"The thing about hiking the Pacific Crest Trail, the thing that was so profound to me that summer--and yet also, like most things, so very simple--was how few choices I had and how often I had to do the thing I least wanted to do. How there was no escape or denial. No numbing it down with a martini or covering it up with a roll in the hay. As I clung to the chaparral that day..., I considered my options. There were only two and they were essentially the same. I could go back in the direction I had come from, or I could go forward in the direction I intended to go...And so I walked on."
I started reading Wild (2012) by Cheryl Strayed exactly when I most needed it. I'd been in the fire academy for about two months. I was completely exhausted and burned out. My mind was buzzing from stress, and I hadn't read anything that was not fire related since before the academy started. But then there came one blessed three-day weekend where I didn't have quite as much fire reading as usual. So I took advantage of my unusual free time and spent most of the day in bed reading Wild.
The escape of reading after so much stress felt wonderful. But my temporary vacation was even better because Wild was an intense, well-written account of young Cheryl Strayed's life. Strayed was twenty-six, recently divorced, lost after her mother's death, and falling into drugs when she decided to hike the 1,100-mile Pacific Crest Trail from Southern California to Oregon. Woefully unprepared and overpacked--she had never really backpacked before--Strayed details this memorable and moving journey.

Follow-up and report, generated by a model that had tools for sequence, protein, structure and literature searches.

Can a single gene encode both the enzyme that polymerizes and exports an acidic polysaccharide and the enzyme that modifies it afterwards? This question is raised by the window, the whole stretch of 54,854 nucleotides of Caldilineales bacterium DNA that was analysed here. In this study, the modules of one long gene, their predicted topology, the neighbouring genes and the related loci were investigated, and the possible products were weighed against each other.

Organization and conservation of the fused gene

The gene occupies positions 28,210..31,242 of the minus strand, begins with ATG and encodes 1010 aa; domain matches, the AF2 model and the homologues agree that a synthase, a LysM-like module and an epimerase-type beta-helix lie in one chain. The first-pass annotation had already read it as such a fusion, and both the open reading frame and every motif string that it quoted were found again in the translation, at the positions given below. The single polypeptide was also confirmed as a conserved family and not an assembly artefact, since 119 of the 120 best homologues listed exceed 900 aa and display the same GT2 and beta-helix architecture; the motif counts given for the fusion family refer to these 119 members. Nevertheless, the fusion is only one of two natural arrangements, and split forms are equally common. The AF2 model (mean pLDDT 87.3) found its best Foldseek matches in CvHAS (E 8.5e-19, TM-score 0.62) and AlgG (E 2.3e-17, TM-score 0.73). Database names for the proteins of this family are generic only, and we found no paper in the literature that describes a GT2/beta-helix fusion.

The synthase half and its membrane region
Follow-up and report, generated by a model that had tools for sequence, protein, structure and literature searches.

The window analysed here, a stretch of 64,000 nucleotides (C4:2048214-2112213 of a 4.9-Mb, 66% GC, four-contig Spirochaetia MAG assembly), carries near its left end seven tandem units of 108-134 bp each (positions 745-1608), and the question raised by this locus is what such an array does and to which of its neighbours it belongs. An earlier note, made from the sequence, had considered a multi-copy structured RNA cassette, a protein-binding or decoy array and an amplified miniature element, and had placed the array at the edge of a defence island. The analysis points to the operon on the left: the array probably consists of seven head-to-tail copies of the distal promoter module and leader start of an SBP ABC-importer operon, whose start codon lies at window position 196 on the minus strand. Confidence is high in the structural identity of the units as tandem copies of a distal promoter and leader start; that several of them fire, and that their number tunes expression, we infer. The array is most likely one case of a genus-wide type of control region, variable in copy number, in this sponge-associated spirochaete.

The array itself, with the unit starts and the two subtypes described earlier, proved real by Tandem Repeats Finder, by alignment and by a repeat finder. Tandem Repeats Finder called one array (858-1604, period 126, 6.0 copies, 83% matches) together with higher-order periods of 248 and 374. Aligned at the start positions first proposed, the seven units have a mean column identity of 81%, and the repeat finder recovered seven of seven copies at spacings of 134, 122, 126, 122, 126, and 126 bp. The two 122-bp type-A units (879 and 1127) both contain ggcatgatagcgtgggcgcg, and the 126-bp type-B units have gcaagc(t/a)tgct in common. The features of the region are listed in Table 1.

Even though I could not personally relate to everything in Strayed's life, she tells such an honest account of her actions and feelings, that I felt for her through all of her struggles. Fortunately I was reading this book alone because I could not keep it together when Strayed wrote about her mother, her family breaking apart, or her mother's horse. It was heartbreaking.
I could also relate, and take strength from, how Strayed persevered through her lack of knowledge and preparation to overcome the trail and learn from it in the end. Even as I read, my hips were still aching and bruised from the straps on my SCBA (air pack). It was almost refreshing to read about someone who had it worse--and whose hips were in worse condition than mine. In addition, both Strayed and I were struggling in environments with which we had very little experience and that were dominated by men. It was incredibly refreshing to read about another woman pushing her boundaries and succeeding. Not only did this book give me a much needed mental rest from the fire academy, but it also gave me inspiration to keep going even when it sucked.